Miami-Dade Announces Incentive Program for TV, Film, and Entertainment

A new incentive program could keep movies like Moonlight filming in Miami.
A new incentive program could keep movies like Moonlight filming in Miami.
Elevation Pictures
Keep New Times Free
I Support
  • Local
  • Community
  • Journalism
  • logo

Support the independent voice of Miami and help keep the future of New Times free.

In the face of last year's loss of state incentives for entertainment production in Florida, Miami-Dade County has stepped up to offer a program that hopes to fill the gap locally. On Tuesday, commissioners voted to approve a rebate valued at $100,000 to productions shooting in Miami-Dade County that spend $1 million in the area.

“The local industry has been asking for the County’s assistance by enacting a local incentive program and now they have it,” Miami-Dade County Mayor Carlos A. Giménez said in a statement. “This is a vital industry for our local economy, and we want those who are a part of it to be able to work and live here, and not have to move away in order to pay their bills.”

The guidelines require productions to spend at least 70 percent of their entire budget in the county and hire a minimum of 50 main cast and crew who reside in the county. Isis Masoud, a Coconut Grove-based actress, says this gives her hope. She believes it will “definitely” mean more work for her in her hometown.

“It's a proactive way to fight back against their efforts to kill the film industry here,” says Masoud of Tallahassee legislators who refused to renew the state's program last year. “I'm feeling proud of the community for pulling together to make this happen. I'm super grateful to Sandy Lighterman for leading the way on this effort.”

Lighterman is the director of the county's Office of Film and Entertainment. She said she spent about a year working with commissioners in fashioning the plan. “We anticipate this program will be able to stem the loss of our crew, acting talent and supporting businesses,” she said in the county’s statement.

The program will also benefit local businesses hired by productions. Another requirement for the program dictates that 80 percent of vendors used on projects must be Miami-Dade County-based registered businesses.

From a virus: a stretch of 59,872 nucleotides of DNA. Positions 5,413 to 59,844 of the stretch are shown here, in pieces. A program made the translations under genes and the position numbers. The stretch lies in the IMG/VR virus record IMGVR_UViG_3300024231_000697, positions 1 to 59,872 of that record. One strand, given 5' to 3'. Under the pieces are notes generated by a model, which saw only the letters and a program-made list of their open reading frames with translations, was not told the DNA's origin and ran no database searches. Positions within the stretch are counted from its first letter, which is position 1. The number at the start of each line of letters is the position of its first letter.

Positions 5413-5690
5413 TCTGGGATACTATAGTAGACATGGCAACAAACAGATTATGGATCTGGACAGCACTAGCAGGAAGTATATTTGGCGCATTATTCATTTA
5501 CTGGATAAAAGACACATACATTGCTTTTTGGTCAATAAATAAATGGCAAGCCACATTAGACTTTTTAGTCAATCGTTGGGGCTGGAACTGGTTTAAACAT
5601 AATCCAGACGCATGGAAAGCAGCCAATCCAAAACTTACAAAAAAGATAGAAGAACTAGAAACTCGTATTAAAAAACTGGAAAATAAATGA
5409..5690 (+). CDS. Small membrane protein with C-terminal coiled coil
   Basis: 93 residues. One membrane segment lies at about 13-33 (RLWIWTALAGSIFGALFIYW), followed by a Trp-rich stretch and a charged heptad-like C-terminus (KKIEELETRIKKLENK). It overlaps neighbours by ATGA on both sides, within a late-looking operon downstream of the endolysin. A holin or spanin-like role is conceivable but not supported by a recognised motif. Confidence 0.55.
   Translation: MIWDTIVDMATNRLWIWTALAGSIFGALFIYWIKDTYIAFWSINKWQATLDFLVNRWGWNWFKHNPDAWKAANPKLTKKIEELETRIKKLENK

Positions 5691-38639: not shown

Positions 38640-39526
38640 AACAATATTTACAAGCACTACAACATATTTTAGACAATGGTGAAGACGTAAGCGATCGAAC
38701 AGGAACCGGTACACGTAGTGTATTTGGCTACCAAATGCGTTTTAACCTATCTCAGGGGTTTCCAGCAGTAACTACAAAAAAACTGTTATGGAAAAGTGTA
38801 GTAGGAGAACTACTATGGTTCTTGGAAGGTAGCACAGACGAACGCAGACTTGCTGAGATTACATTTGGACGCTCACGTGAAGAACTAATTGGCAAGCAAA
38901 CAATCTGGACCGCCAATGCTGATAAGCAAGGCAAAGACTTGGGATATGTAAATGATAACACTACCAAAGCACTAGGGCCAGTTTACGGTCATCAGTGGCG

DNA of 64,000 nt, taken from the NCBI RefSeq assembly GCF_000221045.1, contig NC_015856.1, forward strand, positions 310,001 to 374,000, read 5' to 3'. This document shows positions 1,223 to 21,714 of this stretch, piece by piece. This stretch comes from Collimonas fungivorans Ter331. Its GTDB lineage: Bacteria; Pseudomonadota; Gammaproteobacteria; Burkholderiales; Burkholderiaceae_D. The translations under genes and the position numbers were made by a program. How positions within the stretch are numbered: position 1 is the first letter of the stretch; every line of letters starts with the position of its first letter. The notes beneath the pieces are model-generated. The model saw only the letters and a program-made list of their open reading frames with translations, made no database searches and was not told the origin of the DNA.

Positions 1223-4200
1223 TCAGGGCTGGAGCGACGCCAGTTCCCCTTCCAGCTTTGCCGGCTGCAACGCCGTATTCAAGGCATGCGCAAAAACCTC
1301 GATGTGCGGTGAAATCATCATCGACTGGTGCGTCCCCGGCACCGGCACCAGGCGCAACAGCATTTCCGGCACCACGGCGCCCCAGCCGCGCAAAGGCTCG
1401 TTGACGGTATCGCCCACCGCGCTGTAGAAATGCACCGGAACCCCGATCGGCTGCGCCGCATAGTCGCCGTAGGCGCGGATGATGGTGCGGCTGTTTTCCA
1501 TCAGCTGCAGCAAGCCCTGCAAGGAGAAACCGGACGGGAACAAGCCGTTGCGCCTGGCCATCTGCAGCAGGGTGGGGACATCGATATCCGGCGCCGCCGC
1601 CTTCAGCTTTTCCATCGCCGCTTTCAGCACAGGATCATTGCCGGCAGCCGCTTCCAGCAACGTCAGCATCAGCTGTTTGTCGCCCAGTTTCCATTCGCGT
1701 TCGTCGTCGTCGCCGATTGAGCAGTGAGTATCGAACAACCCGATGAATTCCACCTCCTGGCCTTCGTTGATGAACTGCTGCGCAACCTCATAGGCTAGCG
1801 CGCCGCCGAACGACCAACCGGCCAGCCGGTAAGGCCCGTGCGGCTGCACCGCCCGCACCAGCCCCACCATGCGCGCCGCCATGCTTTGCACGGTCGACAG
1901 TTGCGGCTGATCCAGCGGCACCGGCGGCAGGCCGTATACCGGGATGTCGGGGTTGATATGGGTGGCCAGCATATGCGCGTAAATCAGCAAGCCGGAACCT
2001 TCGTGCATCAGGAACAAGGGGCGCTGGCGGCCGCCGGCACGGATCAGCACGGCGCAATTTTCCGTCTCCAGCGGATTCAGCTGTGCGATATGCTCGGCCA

Local incentives have become a trend in the state to fill the gap left by the loss of a long-running statewide incentive program that began as a rebate in 2010 and ended as a tax incentive in 2016. At one point it was valued at $296 million before dropping in value and then being omitted from the state budget in 2016.

Often, TV or movie productions set in Miami only shoot exteriors here to establish the story location. Then they move out to areas that have production incentives to finish shooting the bulk of the project. It recently happened with FX’s The Assassination of Gianni Versace: American Crime Story. In May, producers spent about three weeks shooting at and around the famed designer’s mansion, Villa Casa Casuarina, on Ocean Drive, before moving the production to Los Angeles, where there is a statewide incentive program.

Andrew Hevia, a producer on Moonlight who grew up in Miami, says filming locally was essential to the success of the Oscar-winning Best Picture. He and the filmmakers sacrificed the reward of an incentive to shoot the movie here. “You weigh the incentive against the benefits of staying true to the core of the story,” he says. “There was no Moonlight without the Pork & Beans. It was about growing up in Liberty City. [Actor] Shariff Earp's Miami dialect is necessary to that story. If we don't open on that, you have nothing. The details make that movie.”

Masoud is hopeful that Miami-Dade's program will not only encourage outside productions to shoot in Miami but also benefit local filmmakers. “I think it has the potential to keep local filmmakers from filming elsewhere and will largely attract independent filmmakers. I'm not sure that a $100K rebate on a one-million-dollar budget will draw massive TV shows, but if this incentive keeps projects like Moonlight from leaving town and supports midrange to smaller scale projects, then that's a win.”

Keep Miami New Times Free... Since we started Miami New Times, it has been defined as the free, independent voice of Miami, and we would like to keep it that way. Offering our readers free access to incisive coverage of local news, food and culture. Producing stories on everything from political scandals to the hottest new bands, with gutsy reporting, stylish writing, and staffers who've won everything from the Society of Professional Journalists' Sigma Delta Chi feature-writing award to the Casey Medal for Meritorious Journalism. But with local journalism's existence under siege and advertising revenue setbacks having a larger impact, it is important now more than ever for us to rally support behind funding our local journalism. You can help by participating in our "I Support" membership program, allowing us to keep covering Miami with no paywalls.

We use cookies to collect and analyze information on site performance and usage, and to enhance and customize content and advertisements. By clicking 'X' or continuing to use the site, you agree to allow cookies to be placed. To find out more, visit our cookies policy and our privacy policy.


Join the New Times community and help support independent local journalism in Miami.


Join the New Times community and help support independent local journalism in Miami.